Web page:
Blocking immune system protein can hasten newer cancer treatmentsSeptember 30th, 2008 - 4:28 pm ICT by IANS
Washington, Sep 30 (IANS) Scientists have found that blocking an immune system protein, like the C5a that shields tumour growth, can expedite newer cancer treatments. C5a is part of one of the body’s complex of defences against pathogens. When activated, these proteins rid the body of microbes and foreign cells. Many treatments are aimed at boosting the immune system to kill tumours.
“We found that in some conditions, the complement system (C5a) can promote tumour growth, depending on the specific tumour and the specific environment in which the tumours are developing,” said John Lambris, professor of research medicine, Pennsylvania University School of Medicine.
However, Penn researchers found that in a mouse model, activation of the complement system in tumour tissue leads to the generation of C5a, which recruits myeloid-derived suppressor cells (MDSC) to tumours. These MDSCs block the function of CD8+T cells, which would normally dismantle a tumour.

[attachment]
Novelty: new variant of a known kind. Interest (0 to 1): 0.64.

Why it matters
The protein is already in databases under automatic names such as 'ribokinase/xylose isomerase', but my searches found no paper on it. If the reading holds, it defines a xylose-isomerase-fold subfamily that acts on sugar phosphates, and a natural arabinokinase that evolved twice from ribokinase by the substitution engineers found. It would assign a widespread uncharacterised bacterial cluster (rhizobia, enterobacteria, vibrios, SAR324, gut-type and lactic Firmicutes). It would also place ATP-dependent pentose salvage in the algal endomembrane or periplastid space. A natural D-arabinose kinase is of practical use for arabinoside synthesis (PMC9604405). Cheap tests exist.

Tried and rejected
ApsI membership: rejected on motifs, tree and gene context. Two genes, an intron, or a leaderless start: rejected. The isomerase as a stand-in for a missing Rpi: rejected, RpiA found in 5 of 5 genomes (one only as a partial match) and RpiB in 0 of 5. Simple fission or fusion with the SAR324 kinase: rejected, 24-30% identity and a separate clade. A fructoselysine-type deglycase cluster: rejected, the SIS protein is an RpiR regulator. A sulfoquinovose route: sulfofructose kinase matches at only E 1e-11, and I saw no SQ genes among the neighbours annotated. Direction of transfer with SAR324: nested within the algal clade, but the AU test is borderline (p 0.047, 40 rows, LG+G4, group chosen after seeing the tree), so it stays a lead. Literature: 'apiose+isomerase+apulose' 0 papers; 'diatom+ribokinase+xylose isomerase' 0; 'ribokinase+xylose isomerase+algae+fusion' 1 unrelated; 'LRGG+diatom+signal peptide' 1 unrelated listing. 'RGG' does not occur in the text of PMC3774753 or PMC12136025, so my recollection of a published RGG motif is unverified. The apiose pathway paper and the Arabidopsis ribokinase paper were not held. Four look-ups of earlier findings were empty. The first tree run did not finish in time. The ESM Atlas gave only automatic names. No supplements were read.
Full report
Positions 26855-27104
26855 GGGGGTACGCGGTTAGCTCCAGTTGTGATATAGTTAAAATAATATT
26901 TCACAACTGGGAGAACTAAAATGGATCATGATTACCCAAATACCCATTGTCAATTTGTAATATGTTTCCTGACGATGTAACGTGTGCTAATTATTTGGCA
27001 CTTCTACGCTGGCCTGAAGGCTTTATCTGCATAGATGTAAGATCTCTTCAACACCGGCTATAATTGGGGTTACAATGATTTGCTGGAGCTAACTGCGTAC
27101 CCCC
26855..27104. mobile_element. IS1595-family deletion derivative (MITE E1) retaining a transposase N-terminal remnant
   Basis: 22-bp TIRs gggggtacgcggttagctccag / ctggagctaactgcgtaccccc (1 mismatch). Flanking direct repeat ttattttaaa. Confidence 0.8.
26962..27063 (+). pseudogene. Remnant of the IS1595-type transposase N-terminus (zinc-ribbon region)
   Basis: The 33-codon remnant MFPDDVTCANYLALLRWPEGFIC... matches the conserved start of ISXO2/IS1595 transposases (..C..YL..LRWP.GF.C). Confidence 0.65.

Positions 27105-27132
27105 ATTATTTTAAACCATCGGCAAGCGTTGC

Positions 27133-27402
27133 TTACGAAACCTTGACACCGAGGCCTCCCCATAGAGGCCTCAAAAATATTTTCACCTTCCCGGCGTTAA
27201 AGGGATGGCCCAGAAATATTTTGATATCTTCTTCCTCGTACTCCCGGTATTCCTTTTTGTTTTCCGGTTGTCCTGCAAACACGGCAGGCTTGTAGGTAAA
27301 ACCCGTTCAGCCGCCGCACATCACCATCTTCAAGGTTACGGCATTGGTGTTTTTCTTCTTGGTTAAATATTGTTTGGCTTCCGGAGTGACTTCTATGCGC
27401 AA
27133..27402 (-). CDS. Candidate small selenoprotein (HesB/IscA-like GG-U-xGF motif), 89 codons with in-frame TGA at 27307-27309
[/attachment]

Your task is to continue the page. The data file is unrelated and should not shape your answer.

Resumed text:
Researchers also found that blocking the C5a receptor on cell surfaces impairs tumour growth at the same rate of Paclitaxel, a chemotherapy drug. This discovery could lead to new cancer treatments with far fewer side effects than chemotherapy, surmise the investigators, according to a Pennsylvania University press release.
“Researchers are trying to introduce immune therapies and anti-tumor vaccines, but most of these vaccines fail,” said Lambris. “We show in this study a possible mechanism how to overcome this problem.” Lambris and his team are conducting studies that apply the approaches outlined in this paper to five models of cancer.
These findings appeared online this week in Nature Immunology.
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Tags: boosting the immune system, cell surfaces, chemotherapy drug, complement system, immune system protein, immune therapies, new cancer treatments, research medicine, suppressor cells, tumour growth